Spending too much time on Facebook could expose you to too a lot of negativity. “The biological tendency is going to be to look for the negative because we are hardwired to make sure we’re safe,” says Rutledge. “The way to increase our level of safety is to understand the uncertainty in the environment around us and create certainty.” When a Facebook friend posts something you don’t agree with, your first reaction might be to get defensive. If you realize a certain friend tends to make you angry or jealous, Rutledge recommends blocking that person’s posts. (Here are the negative side effects of social media on your brain.)
You won’t stop scrolling until you find something interesting
Facebook’s design actually sets itself up to be addictive, says Bono. You’ll glaze over most of your news feed, so you have to dig to find posts that are actually enjoyable. It’s sort of like a slot machine, he says—when there’s a small chance you’ll get a big payoff and see something really cool, your brain floods with chemicals encouraging you to keep going. “Because the information is only occasionally interesting, our desire to keep going back increases even more than if everything we saw was appealing to us,” says Bono. “When something ‘only occasionally’ has a payoff for us, it actually becomes even more attractive and even more addictive.” (This is how to have a healthier relationship with social media.)
Facebook is your main news source
News—both fake and real—are all over Facebook. Just because it’s there, though, doesn’t mean social media is the best source. “Use Facebook for what it’s intended, which is social connection,” says Rutledge. “Use news sources for what they’re intended, which is reporting the news.” Facebook also uses algorithms to show you what it knows you like, meaning you might only see articles you’ll already agree with. Get a more balanced view by checking getting perspective from a few news sources before making a judgment, says Rutledge.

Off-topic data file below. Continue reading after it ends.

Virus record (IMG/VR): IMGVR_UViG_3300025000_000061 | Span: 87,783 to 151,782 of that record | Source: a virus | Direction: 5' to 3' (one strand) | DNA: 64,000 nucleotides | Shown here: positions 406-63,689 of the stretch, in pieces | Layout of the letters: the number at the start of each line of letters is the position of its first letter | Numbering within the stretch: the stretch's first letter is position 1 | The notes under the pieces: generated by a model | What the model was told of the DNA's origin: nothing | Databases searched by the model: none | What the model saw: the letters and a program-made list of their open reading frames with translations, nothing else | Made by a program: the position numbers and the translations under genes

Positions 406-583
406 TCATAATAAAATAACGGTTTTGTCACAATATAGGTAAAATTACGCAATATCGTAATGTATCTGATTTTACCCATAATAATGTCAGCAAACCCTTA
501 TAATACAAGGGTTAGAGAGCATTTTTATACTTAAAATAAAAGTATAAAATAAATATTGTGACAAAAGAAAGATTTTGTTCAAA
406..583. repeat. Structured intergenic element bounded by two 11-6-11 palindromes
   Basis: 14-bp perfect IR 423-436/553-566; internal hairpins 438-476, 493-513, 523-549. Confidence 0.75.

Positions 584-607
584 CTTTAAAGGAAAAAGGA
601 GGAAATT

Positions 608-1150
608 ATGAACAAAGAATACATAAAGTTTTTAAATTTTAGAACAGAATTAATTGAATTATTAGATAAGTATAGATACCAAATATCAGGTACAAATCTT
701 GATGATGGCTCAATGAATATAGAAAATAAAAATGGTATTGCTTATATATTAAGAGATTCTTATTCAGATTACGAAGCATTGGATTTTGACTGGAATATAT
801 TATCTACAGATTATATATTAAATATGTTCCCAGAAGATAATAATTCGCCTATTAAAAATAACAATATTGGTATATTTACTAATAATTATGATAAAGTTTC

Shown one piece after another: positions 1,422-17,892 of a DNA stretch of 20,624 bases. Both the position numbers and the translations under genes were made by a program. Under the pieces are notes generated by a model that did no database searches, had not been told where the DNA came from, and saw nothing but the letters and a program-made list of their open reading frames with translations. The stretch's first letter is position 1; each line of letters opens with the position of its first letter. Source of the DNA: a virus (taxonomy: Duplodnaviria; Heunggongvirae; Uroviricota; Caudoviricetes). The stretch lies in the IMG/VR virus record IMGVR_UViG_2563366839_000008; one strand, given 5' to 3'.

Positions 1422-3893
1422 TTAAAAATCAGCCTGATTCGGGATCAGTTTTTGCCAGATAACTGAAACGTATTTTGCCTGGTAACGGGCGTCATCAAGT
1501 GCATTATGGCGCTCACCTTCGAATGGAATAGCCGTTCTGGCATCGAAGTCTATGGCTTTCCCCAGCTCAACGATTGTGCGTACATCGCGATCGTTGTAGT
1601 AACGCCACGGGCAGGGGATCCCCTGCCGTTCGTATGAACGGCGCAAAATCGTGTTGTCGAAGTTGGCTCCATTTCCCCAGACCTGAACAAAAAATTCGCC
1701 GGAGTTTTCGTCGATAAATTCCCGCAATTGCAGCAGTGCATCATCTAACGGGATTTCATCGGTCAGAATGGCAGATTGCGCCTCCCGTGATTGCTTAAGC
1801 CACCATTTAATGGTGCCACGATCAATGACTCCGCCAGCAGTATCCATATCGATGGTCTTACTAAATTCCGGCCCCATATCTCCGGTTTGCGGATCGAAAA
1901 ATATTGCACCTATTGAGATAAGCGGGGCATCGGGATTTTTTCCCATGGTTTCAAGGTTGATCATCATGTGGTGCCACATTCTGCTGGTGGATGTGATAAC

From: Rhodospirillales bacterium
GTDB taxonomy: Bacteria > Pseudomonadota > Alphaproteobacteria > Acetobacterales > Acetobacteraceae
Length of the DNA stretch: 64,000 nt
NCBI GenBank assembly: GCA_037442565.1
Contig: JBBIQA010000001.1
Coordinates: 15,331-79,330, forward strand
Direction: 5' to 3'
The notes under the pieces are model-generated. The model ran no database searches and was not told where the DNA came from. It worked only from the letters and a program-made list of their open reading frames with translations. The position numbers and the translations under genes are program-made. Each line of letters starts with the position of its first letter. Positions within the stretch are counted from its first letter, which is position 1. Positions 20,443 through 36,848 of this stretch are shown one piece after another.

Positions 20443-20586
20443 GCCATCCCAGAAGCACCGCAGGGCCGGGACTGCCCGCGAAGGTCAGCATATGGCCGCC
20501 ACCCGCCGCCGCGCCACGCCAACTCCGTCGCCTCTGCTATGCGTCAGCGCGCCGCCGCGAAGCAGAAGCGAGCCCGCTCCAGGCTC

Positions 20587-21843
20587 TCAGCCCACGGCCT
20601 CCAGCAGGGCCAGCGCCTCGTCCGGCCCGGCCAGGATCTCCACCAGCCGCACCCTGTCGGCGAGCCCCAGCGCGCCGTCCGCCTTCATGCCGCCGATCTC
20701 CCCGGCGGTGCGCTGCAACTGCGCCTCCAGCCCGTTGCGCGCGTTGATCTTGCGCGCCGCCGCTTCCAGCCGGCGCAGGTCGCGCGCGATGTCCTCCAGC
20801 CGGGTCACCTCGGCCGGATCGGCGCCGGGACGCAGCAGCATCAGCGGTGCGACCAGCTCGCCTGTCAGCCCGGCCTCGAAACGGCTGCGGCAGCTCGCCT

You aren’t a supportive friend
Our brains are programmed to assume other people think just like us—until we see the other person face-to-face. But when you’re interacting through a screen, you can misinterpret what others say and stop recognizing their points of view. “When we’re not living the experience of understanding that people think differently than we do, then empathy erodes,” says Sobel Lojeski. “We just don’t help other people as much.” For instance, you’d probably offer to help if a friend complained about a bad day in person. But when you just see the complaint about a Facebook post, it’s easy to ignore. Do you have incredible empathy?
You get distracted from your kids
You’re probably more than aware of how often your kids are on Facebook. If you’re trying to set limits, make sure you follow those rules too. “If you don’t want your kids on Facebook when you’re talking to them, don’t be on Facebook when they’re trying to talk to you,” says Rutledge. “Recognize when it’s important to be present.” Your kids look to you when learning how to balance screen time with face time, so make sure you’re a good role model. Next, check out the things that can happen when you quit social media.
- Karen Sobel Lojeski, PhD, assistant professor of technology and society at Stony Brook University
- Tim Bono, PhD, assistant dean of the college of arts and sciences, and lecturer in psychological and brain sciences at Washington University in St. Louis
- Pamela Rutledge, PhD, director of the Media Psychology Research Center